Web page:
As Alice woke up, before she even knew what day it was, before she even opened her eyes, she knew this would be an unbearable day. And a sticky-wet-sweltering-hot-day to boot.
Something really, really bad could happen today, “and it will be my fault,” she thought, as she went through the laundry basket looking for her least dirty underwear. Last night’s loud, vulgar, abusive argument had sent laundry clear off the to-do list.
“GO TO YOUR ROOM!”
“GO TO YOUR ROOM!”
Finally, knowing he wouldn’t get his way tonight,
With his right arm he swept everything off the kitchen table onto the saltillo tiles as he left the room and slammed out of the door of their apartment. Shattered plates and glasses flew everywhere, shattering life as she had known it with a loud crash. Alice couldn’t face it. Angry and hurt, at a loss what to do, she had just gone to her room, locked the door and turned on the TV. “Maybe if I’m in here he’ll just come in and go to bed.”
“Should I even go to work?” “My luck, I’ll hit a pedestrian or something.”
Dark foreboding made even breathing difficult as she threw some clothes off the chair and sat down to try to catch her breath.
Breathe, two, three, and breathe, two three. Hands crossed over her chest. She noticed her hands were shaking. “That’s fine, it matches the shaky stomach.”
She heard the traffic outside, taxis toot-tooting their warnings, a siren in the distance, some car blasting its music as it passed by, 2 people arguing downstairs, under the open window. Way too much noise. WAY, WAY too much noise. She slammed the window down.
Quiet, that’s what she needed. Quiet. B R E A T H E Two. Three.
Now she couldn’t sit still. She had to KNOW. She unlocked the door, walked to the kitchen. A brief look at the unmade bed in the small, dark, smelly bedroom down the hall confirmed what she already knew. “He’s gone.” “God help him!” Then, “Really, God, please help him, I cannot.”
“Well, good riddance,” she thought defiantly, wondering at the hot tears rolling down her face. “Who needs a God-damned lying, thieving, manipulative, ungrateful, intimidating druggie in the house?” “I can’t stand it any more; I’m done.” “He’s going to juvie if they find him.” “I don’t care how young he is, God, this wasn’t part of the bargain.”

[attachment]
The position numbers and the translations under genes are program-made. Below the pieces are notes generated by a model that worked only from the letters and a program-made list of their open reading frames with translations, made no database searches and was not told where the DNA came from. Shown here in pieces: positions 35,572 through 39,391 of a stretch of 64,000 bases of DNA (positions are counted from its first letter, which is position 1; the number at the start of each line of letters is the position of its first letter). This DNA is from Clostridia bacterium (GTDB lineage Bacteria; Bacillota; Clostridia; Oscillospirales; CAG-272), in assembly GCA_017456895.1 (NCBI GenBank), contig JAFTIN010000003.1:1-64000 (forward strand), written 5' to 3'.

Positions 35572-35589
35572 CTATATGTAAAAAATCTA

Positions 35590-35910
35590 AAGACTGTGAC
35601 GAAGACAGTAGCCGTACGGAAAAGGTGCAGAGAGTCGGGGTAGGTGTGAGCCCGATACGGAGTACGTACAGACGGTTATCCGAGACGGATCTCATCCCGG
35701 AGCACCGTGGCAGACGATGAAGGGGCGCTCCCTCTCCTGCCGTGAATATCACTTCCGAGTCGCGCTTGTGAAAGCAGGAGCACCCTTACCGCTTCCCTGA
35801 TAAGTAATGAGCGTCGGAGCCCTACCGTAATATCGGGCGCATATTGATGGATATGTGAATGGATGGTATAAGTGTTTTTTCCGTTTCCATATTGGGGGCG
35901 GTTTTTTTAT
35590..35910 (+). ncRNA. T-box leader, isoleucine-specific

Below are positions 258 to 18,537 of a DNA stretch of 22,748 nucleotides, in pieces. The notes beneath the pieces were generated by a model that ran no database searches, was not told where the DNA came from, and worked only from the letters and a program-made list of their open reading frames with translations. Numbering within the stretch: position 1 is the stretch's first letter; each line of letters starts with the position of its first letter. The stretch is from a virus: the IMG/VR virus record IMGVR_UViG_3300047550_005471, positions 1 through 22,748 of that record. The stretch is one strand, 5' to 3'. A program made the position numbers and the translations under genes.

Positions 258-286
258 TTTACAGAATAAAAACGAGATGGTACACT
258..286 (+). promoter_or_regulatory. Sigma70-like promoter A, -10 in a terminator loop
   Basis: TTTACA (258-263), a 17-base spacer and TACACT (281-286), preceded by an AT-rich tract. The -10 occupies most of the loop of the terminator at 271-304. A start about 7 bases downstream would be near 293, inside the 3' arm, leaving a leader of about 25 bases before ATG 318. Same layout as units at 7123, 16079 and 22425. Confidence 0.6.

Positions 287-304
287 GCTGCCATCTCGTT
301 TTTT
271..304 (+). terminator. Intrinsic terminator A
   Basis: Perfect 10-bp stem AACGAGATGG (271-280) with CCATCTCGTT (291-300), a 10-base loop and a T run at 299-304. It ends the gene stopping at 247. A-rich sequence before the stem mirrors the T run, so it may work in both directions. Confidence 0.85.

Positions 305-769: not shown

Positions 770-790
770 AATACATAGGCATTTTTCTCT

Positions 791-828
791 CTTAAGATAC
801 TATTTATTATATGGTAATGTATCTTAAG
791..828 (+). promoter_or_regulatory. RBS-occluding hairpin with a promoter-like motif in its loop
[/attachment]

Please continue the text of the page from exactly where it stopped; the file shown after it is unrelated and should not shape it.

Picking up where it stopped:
More angry tears followed, uninvited, so annoying. Anger and Worry vied jealously for top billing in her brain. Should she really report him ? He’s only 15. “But someone needs to take care of him, and I’m still responsible for him.” “How am I supposed to take care of him when he does whatever he wants whenever he wants and I have no control over him?” Maybe a call to the school? Not that they’ve seen him in weeks, but maybe they would know what to do next.
“Oh, God, please, this isn’t how I wanted it to be. How could you let this happen? How could I? Oh, please please bring him home safely”
Anger. At the disrespect. He SPIT at her! His mother! He missed, but still.
Anger. She had to lock up her belongings in her own house. He STOLE from her, anything he could sell. Any money he could find.
Anger. He threw the stuff off the table because she wouldn’t give him what he wanted. Money. “Oh, Lord, I still have to clean all that up this morning.”
Anger that she couldn’t believe anything he said.
Anger that she had to hide her shame about him.
Anger, and deep sadness, that her little boy was gone and this, this MONSTER had taken over his body.
Worry. “Where will he sleep tonight? “ Maybe Tommy’s mom has seen him? “I should call.”
Worry. “What will he eat?” Would he steal from the stores? Would anyone take him in?
Worry. Would he be arrested? Or worse, shot?
Worry about bad drugs. About mixed drugs. About overdoses. About drugs at all.
Worry, worry, worry, “Maybe arrested wouldn’t be a bad thing, at least he’d be alive.”
“Oh, God, please protect him today.”
Alice went in and sat down on Tyrone’s bed as the pictures whirled around in her head. Not just those, pictures of him when she adopted him at a sweet two years old. Pictures about laughing and giggling and exploring together. Pictures with his dad and he, fishing, when he was 9 and 10, on wonderful camping trips when Otis was clean and sober. Before…
“Oh, God, don’t even let me go there. If only Otis had been able to keep it together, we were so happy then.”
Alice stood up, went into the kitchen, started picking broken shards up off the floor. One at a time, into the trash can.
Broken pieces of her son. Broken pieces of her life. Broken pieces of her heart. Broken pieces of her dreams.
Sobbing now, she sat on the kitchen floor with her arms around her knees, helpless and lost amidst all the broken pieces.